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taxes on winnings ?

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  • taxes on winnings ?

    Winning $6,000 at a Vegas casino resulted in a tax form given to me by a casino supervisor to be filled out and reporting this win to the IRS. Does that happen here if I win some amount of money?

  • #2
    If you mean here as in PSO, i have no idea.

    But if you keep records and reciepts of your losses you can write it off against your winnings

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    • #3
      Not sure it can happen on PSO since we don't play for real money, and sponsorship points don't count I don't think...and if they did, I dont' think cumulative winnings count, only jackpots result in casinos giving you a W2_G form.

      I know that when you win a jackpot in a casino and the amount exceeds $1200, you get a statement of gaming winnings. You can offset that by your losses, but you have to be able/willing to prove you lost the amount up to the amount of your in.

      Most casinos use those player cards, so if you play machines, ALWAYS use the player card. At the end of the year, you can get a win/loss statement mailed to you. Even if you win money in a tourney, you can use your player card -verified losses to offset your poker tourney winnings. If you win a jackpot at one casino and have losses at another, it doesn't matter at the end of the year. SO USE THE PLAYER CARD. It is one of the best methods of proving loss. I recently read on an IRS site that using ATM cards in a casino is not proof of loss. Nor is cashing a check. So protect yourself if you intend to claim loss against your jackpot.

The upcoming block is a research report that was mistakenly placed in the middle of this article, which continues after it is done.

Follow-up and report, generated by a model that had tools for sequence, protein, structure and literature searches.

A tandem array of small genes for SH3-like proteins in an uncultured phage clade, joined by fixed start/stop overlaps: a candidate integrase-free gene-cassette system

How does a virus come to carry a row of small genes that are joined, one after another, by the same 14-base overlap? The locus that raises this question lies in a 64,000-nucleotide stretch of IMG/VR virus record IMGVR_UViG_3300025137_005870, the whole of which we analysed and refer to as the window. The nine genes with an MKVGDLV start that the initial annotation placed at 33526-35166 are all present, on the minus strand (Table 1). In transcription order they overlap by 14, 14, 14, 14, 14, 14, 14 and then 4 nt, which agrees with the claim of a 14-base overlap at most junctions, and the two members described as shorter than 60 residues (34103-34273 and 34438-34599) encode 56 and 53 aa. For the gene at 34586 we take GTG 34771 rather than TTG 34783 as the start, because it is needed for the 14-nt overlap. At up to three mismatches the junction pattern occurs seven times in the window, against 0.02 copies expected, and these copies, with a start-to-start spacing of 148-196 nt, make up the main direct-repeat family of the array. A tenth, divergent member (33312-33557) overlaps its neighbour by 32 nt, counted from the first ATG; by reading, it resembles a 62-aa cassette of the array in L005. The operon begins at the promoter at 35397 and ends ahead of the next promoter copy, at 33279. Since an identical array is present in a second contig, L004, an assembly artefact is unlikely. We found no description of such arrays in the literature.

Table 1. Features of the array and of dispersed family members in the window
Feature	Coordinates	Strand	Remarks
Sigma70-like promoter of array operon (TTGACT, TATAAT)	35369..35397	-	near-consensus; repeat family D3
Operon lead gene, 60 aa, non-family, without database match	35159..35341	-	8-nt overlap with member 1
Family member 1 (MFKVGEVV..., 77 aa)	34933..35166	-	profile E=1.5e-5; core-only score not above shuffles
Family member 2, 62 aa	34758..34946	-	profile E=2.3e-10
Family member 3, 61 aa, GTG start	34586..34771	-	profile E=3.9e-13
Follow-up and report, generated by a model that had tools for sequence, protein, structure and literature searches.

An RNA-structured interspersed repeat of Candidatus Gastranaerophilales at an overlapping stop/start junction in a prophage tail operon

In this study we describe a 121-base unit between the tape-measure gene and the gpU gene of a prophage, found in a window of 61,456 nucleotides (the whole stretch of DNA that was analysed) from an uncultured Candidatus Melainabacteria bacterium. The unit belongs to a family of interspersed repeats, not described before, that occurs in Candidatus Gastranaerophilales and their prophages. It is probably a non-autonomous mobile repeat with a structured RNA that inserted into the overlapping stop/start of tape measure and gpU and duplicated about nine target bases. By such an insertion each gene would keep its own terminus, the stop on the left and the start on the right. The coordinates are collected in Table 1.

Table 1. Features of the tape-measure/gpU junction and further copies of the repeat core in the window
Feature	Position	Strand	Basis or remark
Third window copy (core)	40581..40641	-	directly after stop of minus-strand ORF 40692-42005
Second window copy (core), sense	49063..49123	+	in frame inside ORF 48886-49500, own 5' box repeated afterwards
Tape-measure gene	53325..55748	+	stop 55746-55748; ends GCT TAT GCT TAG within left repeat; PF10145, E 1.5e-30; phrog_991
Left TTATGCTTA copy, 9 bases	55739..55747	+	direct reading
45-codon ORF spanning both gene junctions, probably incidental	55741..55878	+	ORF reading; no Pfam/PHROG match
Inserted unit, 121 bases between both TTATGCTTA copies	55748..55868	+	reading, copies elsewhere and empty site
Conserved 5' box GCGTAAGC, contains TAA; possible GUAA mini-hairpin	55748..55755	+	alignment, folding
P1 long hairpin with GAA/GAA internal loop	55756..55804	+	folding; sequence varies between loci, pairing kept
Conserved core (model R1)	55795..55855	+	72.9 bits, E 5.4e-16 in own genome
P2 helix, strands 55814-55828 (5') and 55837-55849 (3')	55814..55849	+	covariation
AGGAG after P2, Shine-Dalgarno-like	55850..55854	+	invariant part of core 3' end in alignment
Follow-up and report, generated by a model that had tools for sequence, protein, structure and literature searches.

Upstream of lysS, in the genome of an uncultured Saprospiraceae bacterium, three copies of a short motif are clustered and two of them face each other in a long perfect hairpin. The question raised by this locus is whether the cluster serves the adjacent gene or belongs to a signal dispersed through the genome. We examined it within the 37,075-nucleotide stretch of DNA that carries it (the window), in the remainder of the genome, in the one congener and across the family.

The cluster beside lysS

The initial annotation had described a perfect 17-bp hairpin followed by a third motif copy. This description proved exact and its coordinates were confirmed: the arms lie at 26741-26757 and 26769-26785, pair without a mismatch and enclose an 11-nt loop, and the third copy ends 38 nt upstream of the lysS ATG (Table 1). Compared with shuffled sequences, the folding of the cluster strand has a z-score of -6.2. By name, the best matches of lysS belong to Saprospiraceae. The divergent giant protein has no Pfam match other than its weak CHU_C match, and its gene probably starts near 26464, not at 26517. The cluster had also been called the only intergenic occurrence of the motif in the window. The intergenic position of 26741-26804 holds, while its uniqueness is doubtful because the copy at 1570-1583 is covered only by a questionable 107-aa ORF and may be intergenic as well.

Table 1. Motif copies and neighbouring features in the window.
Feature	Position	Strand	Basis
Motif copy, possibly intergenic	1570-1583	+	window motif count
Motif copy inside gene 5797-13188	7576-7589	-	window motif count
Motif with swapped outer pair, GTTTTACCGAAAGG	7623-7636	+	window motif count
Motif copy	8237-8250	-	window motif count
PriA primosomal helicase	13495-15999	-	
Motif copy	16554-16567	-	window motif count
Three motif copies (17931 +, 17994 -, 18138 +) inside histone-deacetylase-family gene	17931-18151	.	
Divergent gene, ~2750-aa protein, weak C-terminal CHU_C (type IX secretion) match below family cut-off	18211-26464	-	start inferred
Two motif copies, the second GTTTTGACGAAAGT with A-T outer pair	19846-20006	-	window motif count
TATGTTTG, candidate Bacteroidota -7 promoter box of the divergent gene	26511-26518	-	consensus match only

Some card rooms do not give out gaming forms, even if the amount you win exceeds the $1200 required by the IRS. Some card rooms give them out for amounts under that cut-off, as I have experienced first hand. In California a few years ago, I won $785 in a tourney, and was handed a W-2 gaming form. In Phoenix recently, I won $1440 and was not.

      However, I think most i fnot all casinos are regulated by the IRS and forced to give gaming winnings documentation of any single jackpot over $1199.

      It's always best to win a series of small jackpots than one big one.

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      • #4
        Here in Washington State, I was told by a native american casino poker room manager that if you won in excess of $1199 playing against the house, you were given the card, but that poker was considered between the players and what you did about IRS was your responsibility.

        I assumed it would be that way for all poker rooms, but y'all have shaken my faith. I sure would like to hear from all who were handed a W2_G form for POKER winnings and for that matter, those who were not and had winnings in excess of $1199.

        Warm regards from a cold fish

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        • #5
          Here in the UK we don't have to pay any taxes on any Poker Winnings

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          • #6
            But, you do have to pay taxes on just about everything else known to man . I thought taxes here sucked, until I learned about the What the Europeans pay

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            • #7
              Well, I think the $1199 is definitely enforced from jackpots in all machines no matter what casino...I have played in dozens and have not seen it vary from that law.

              But for some reason, Poker rooms have latitude in WHAT they report for our winnings. I have won up to $2000 in tourney purses and not had a W-2G form...and like I said in earlier post, have had W-2G forms for under $800 at the Bike. So I am not sure there is a clear cut rule they follow.